Tag Archives: security

To Permit Medicare Beneficiaries to Enroll with Qualified Provider- Sponsored Organizations Under Title XVIII of the Social Security ACT, and for Other Purposes. (Paperback) – Common

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To permit medicare beneficiaries to enroll with qualified provider- sponsored organizations under title XVIII of the Social Security Act, and for other purposes.

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To Amend Title XVIII of the Social Security ACT to Provide Protections for Medicare Beneficiaries Who Enroll in Medicare Managed Care Plans. (Paperback) – Common

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To amend title XVIII of the Social Security Act to provide protections for Medicare beneficiaries who enroll in Medicare managed care plans. Reviews

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DrawQuest closes down after suffering a security breach

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DrawQuest, the iPad that lets users channel their creativity through drawing, has been living on its last legs since early this year and now it has closed down with immediate effect after suffering a security breach. Founder Chris Poole, who also started 4Chan, first announced the closure of DrawQuest in January but there was later optimism that it would be able to continue running for users for “as long as possible,” despite its team all moving to new work. A hack on its Amazon-hosted servers has proved to be the final nail in its coffin, however. A blog post explains that it is unclear exactly what information…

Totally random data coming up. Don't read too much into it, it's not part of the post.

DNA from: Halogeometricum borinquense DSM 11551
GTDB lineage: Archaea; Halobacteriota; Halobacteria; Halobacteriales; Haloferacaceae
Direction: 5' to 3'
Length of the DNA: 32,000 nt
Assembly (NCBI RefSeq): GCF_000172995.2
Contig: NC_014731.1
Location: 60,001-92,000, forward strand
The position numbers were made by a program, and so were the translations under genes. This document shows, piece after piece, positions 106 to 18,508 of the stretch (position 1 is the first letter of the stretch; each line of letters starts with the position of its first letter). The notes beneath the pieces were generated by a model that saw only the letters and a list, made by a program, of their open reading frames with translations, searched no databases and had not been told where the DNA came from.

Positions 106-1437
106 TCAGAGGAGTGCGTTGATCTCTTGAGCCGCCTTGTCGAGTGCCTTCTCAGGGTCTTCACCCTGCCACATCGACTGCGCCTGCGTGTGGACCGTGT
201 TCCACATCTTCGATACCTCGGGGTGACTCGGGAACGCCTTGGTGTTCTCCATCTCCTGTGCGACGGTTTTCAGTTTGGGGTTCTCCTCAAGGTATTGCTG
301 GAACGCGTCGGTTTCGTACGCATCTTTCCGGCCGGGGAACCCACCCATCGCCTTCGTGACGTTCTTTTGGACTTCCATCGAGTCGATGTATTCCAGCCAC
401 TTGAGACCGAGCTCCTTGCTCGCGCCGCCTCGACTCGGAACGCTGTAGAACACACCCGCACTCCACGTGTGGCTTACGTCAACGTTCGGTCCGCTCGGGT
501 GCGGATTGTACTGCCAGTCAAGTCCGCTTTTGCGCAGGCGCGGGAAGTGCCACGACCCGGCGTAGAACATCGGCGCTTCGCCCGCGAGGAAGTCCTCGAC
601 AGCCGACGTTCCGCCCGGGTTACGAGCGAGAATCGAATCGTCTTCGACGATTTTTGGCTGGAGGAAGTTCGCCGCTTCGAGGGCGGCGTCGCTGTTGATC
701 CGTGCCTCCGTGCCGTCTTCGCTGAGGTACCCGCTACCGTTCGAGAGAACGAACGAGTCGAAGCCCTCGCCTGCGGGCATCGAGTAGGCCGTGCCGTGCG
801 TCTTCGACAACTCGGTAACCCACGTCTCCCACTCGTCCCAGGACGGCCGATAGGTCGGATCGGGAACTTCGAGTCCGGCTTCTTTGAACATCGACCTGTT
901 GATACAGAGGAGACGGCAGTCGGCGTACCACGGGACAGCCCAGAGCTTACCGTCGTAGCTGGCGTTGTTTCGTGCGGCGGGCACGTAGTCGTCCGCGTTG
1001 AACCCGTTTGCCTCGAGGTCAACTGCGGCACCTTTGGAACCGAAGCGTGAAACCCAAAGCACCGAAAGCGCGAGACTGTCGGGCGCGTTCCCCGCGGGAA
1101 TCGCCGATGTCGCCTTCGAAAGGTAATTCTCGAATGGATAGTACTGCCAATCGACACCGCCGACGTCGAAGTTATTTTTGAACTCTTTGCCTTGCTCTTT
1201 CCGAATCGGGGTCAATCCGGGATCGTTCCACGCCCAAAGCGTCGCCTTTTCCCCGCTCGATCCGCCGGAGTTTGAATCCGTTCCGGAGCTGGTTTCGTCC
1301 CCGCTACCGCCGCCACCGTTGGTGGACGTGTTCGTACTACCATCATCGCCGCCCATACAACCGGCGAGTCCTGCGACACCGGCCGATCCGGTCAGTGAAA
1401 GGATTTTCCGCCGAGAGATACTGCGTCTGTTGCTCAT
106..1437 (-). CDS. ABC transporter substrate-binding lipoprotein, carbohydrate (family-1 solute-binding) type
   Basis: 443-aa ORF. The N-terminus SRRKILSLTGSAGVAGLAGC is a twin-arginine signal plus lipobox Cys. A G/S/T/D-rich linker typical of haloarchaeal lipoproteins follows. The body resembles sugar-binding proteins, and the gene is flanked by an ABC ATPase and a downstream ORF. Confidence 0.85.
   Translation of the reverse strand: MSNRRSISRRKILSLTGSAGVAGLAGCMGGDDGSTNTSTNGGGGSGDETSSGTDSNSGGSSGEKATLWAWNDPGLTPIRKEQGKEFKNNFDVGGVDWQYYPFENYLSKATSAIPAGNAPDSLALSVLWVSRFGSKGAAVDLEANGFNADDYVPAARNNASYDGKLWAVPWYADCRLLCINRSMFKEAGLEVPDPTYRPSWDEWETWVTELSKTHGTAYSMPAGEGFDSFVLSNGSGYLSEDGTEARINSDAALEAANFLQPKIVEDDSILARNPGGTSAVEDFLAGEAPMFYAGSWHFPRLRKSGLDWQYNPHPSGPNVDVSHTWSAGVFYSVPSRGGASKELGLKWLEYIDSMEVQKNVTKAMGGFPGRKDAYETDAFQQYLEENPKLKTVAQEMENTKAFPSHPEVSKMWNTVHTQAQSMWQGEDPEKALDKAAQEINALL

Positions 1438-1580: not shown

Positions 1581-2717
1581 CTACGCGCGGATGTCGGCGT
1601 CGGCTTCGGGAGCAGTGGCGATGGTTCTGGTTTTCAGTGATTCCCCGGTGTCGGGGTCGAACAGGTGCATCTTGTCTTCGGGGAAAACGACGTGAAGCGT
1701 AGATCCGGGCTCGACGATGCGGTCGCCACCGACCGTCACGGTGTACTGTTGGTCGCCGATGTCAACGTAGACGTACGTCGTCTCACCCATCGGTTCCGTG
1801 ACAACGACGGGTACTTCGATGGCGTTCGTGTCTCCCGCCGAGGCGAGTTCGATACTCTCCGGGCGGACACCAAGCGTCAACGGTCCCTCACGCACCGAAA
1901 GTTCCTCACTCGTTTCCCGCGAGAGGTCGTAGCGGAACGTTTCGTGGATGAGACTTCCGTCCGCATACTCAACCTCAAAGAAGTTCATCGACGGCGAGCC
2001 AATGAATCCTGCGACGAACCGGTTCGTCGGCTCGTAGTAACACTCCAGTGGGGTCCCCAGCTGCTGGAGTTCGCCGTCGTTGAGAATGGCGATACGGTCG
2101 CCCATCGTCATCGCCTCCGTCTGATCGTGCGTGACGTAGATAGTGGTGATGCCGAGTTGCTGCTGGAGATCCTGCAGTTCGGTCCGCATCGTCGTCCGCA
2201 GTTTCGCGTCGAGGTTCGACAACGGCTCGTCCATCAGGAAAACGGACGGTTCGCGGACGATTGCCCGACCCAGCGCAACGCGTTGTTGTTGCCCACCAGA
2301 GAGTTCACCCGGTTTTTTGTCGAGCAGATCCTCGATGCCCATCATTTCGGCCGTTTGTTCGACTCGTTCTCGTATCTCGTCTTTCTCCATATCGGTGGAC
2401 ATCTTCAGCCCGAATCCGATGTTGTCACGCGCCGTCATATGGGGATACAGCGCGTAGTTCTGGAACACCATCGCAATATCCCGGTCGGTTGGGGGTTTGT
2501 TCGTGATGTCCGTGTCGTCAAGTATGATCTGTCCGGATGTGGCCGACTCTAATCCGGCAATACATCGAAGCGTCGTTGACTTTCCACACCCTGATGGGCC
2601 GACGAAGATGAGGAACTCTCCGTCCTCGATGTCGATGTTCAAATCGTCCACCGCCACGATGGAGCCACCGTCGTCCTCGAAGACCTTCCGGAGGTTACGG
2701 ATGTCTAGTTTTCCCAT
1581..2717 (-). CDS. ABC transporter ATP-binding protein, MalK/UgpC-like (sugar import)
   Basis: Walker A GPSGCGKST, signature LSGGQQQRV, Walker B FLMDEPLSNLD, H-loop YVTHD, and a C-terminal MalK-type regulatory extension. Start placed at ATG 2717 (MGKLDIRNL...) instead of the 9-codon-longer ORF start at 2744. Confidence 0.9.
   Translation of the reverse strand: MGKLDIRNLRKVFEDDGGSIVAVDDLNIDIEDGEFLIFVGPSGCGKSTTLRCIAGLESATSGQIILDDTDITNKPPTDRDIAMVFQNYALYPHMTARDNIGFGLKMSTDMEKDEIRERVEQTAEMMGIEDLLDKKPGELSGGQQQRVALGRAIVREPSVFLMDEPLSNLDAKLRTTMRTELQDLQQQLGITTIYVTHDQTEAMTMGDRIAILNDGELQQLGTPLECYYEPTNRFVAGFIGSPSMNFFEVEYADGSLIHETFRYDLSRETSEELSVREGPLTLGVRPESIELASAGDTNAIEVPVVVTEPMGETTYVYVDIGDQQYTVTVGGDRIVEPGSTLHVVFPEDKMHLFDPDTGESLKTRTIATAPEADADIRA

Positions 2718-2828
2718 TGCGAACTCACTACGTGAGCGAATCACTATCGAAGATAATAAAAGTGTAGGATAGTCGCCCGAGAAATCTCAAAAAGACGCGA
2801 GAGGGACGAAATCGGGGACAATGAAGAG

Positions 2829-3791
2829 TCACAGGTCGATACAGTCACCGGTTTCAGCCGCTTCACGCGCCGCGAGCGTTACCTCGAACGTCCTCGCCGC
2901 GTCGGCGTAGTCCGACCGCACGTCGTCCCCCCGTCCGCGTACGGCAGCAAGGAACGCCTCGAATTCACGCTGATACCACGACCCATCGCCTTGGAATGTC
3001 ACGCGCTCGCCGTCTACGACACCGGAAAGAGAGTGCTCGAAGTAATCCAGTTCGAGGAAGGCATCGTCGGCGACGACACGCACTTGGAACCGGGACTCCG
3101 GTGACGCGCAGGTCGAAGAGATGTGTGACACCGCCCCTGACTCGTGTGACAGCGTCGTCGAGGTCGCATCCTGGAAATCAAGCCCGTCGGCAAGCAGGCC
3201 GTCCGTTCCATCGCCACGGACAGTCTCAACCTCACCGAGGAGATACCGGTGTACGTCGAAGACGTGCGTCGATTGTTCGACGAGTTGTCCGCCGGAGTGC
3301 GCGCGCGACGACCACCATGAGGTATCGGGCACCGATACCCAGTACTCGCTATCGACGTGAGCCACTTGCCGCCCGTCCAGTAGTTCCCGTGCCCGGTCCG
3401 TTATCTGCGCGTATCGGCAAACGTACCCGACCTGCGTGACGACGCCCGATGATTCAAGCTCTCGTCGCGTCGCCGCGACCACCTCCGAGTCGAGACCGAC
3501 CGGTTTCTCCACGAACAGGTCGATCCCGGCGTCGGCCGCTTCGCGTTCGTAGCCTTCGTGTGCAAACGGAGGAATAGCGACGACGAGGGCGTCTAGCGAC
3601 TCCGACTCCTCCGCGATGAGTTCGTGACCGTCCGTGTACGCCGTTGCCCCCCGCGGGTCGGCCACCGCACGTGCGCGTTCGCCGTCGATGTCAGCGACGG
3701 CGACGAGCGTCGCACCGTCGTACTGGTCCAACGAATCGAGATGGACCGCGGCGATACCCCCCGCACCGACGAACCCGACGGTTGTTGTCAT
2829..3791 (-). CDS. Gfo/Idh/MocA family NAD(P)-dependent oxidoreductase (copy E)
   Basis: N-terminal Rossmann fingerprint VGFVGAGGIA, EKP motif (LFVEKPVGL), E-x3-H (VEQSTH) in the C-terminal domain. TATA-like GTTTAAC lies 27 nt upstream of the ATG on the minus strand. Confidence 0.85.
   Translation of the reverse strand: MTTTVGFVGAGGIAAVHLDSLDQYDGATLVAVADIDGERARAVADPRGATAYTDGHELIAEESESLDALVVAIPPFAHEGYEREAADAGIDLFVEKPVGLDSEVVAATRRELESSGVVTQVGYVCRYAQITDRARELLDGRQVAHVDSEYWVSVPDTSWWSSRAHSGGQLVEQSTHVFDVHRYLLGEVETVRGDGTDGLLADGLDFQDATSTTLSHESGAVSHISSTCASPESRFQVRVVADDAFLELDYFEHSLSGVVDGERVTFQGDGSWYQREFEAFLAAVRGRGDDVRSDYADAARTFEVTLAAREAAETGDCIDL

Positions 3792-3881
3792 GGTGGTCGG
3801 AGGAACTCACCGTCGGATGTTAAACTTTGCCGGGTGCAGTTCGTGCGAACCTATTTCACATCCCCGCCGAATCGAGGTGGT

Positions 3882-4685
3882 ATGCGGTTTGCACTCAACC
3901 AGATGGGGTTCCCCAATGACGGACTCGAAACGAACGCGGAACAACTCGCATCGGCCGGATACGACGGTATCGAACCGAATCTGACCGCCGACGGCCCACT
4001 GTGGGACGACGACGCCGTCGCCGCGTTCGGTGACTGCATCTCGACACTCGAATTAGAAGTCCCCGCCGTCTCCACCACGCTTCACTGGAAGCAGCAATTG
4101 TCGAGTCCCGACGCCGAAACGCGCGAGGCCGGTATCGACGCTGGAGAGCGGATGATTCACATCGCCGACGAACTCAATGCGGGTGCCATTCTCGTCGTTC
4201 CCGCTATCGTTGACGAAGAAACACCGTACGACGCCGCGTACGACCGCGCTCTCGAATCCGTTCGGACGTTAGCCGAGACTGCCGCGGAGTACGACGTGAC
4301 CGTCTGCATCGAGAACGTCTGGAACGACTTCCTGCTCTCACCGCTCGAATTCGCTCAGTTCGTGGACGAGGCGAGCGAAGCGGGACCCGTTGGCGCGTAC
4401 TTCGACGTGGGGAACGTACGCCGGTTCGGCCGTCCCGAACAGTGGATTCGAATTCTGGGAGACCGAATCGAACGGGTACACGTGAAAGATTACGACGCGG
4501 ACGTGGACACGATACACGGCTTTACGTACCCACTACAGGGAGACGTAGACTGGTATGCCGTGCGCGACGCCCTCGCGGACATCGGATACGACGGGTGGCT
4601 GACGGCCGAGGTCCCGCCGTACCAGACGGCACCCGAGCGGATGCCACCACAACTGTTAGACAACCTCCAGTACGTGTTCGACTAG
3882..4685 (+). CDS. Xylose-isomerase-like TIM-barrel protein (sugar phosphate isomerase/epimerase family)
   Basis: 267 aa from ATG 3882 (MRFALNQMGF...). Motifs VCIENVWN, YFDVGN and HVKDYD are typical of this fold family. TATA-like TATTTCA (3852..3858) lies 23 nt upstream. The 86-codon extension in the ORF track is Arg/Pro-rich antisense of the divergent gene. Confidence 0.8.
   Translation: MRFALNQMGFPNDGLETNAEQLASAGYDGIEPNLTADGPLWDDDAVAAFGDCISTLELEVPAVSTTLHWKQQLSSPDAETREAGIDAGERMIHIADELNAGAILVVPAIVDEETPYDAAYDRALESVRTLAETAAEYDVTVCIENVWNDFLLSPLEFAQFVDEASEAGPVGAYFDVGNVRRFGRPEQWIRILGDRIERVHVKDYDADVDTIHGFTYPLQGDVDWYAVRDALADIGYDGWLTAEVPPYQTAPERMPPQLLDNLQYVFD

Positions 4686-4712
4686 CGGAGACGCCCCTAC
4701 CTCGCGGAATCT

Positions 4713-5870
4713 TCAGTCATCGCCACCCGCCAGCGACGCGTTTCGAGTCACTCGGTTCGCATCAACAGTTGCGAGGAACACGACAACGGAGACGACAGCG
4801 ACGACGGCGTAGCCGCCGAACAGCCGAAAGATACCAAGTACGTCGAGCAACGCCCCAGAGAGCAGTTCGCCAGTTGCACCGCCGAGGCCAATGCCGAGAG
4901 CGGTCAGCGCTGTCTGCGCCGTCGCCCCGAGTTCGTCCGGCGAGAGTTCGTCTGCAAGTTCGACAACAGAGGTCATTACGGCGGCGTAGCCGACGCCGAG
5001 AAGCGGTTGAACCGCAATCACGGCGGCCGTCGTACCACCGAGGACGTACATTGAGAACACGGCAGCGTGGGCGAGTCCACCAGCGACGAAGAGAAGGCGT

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The NSA reportedly spied right into the heart of ‘security threat’ Huawei

Huawei
The New York Times and German newspaper Spiegel Online have reported the existence of a document that purports to show the US government spying on Chinese tech company Huawei, the world’s second largest supplier of networking products, since at least 2009. The revelation is laced with irony because Huawei has long been labelled a national security risk by US politicians. Alongside fellow Chinese firm ZTE, Huawei has been the subject of multiple reports over alleged relationships with China’s army, and questions of whether its networking products could leave US organizations open to hacking from China if they were deployed on US soil. The answer seems…

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Google acquires cyber security startup Spider.io to help combat online advertising fraud